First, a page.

Learning Nazarene devotees’ ‘choreography’ and staying safe

Raisa Serafica
Learning Nazarene devotees’ ‘choreography’ and staying safe
A crowd management and public safety expert likens the Black Nazarene procession to a dance that has risks

MANILA, Philippines – (UPDATED) From a bigger perspective, the Feast of the Black Nazarene looks chaotic at best – with millions of barefoot men and women wrestling towards the life-sized, mulatto image of Jesus Christ to fulfill their individual panata or vow

But for Martin Aguda Jr, a crowd management and public safety consultant, the Traslacion, or the return of the Black Nazarene to the Minor Basilica, can actually be likened to a dance – with unique choreography established and practiced by its devotees.

“As someone who has experience with crowd management, I’ve learned that they have their own moves, they have their own choreography. However, it doesn’t exempt the event from problems that may occur,” Aguda said in a mix of Filipino and English.


Up to 8 million devotees join the annual procession where the Black Nazarene, believed to perform miracles, is transported through Manila’s maze of streets. 

Authorities also prepare for any possible scenario that may come up during the procession – classified by the government as a “high density population gathering.”

Devotees have two objectives: to get on board the carriage of the Black Nazarene or touch the rope attached to it.

During an orientation, the Hijos del Nazareno demonstrated the techniques to achieve these objectives. The Hijos are responsible for securing and transporting the Black Nazarene during the procession.

May technique para sumampa sa taas: tuhod, balikat, tapos hihilahin ka sa taas. Kung bababa ka na, papalakpak ka, just to get the attention dun sa baba. And then, sasaluhin ka nung nasa baba,” Aguda explained.



(There is a technique to reach the statue: knee, shoulder, and somebody pulls you upward. If you are going down the carriage, clap to get the attention of those below, who would then catch you.)

The Hijos del Nazareno also shared the “choreography” for those who want to hold the rope.

May technique na hahawakan mo yung gilid o likod nila tapos, ipupush nung nasa likod yung nasa harap niya para makasingit ka,” Aguda said. 

(There’s a technique where you hold the side or back of the person in front of you, then he or she will push the person in front of him or her, so you can pass.)

Crowd management

The so-called choreography, however, does not exempt the religious activity from possible accidents or stampedes.

According to Aguda, there are two kinds of movement: panic (movement away from an object), or craze (movement towards an object). In this case, the Traslacion is an example of a craze scenario.  


“If I am to analyze the Translacion, it’s actually a craze scenario… Based on science, delikado talaga ‘yan (it’s really dangerous),” he said.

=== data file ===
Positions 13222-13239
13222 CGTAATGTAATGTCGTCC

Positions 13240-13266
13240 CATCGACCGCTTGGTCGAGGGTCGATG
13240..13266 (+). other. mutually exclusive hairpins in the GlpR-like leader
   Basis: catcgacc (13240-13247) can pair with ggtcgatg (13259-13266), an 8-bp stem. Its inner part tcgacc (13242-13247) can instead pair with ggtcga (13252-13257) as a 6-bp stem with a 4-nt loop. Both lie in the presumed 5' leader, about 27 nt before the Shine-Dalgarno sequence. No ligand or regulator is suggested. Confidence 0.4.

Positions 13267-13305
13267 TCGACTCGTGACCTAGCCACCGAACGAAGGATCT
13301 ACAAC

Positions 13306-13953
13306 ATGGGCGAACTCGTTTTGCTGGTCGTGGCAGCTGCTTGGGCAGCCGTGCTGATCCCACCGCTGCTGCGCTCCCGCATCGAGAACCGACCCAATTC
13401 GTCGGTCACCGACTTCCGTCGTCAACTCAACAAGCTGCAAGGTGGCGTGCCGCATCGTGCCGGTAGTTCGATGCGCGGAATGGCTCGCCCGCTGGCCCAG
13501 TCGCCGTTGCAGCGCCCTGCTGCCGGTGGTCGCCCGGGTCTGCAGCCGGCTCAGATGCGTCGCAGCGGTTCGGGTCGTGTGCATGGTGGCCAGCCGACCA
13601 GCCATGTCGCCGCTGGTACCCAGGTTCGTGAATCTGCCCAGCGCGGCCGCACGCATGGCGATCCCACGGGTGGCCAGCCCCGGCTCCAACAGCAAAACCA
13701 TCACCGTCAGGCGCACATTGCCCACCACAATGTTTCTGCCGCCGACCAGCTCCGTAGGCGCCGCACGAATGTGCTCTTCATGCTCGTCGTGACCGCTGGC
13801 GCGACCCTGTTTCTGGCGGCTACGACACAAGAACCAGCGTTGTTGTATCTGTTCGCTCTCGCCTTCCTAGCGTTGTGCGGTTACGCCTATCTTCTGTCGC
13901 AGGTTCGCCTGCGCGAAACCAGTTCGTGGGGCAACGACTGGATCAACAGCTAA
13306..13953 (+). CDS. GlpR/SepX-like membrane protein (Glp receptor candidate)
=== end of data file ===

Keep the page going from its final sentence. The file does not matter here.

Aguda explained that the Traslacion has two elements of a stampede: a tightly packed crowd and movement. He described a tightly packed crowd as a situation where there are up to 7 people per square meter.  

Masikip yun. Wala ka nang front and back space. Yung shoulders niyo will be brushing each other. ‘Di ka na maka-turn around. Puro ulo na lang makikita mo,” he added.

(That’s congested. There’s no more space in front of you and behind you. Your shoulders will be brushing each other. You won’t be able to turn around. All you’ll be seeing are people’s heads.)


To be able to efficiently manage the crowd, Aguda said that it is not enough to learn the dance. Devotees – both old and new – should also condition themselves mentally and physically.

In 2015, the PRC recorded two deaths, and 1,727 devotees who were treated for minor and major injuries. In 2014, no fatalities were recorded.

To prevent injuries at the event, Manila Disaster Risk Reduction and Management Council head Johnny Yu shared the following tips for people planning to attend the Feast of the Black Nazarene: 

  • Bring appropriate personal medicines and water.
  • Bring an ID card with the following information: emergency numbers, blood type, address, blood type.
  • Don’t bring small children, senior citizens, and persons with disabilities along the procession route.
  • Be aware of pickpockets.
  • Know the nearest police station, first aid station, and hospital.
  • Wear appropriate clothes.

– Rappler.com

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Raisa Serafica

Raisa Serafica is the Unit Head of Civic Engagement of Rappler. As the head of MovePH, Raisa leads the on ground engagements of Rappler aimed at building a strong community of action in the Philippines. Through her current and previous roles at Rappler, she has worked with different government agencies, collaborated with non-governmental organizations, and trained individuals mostly on using digital technologies for social good.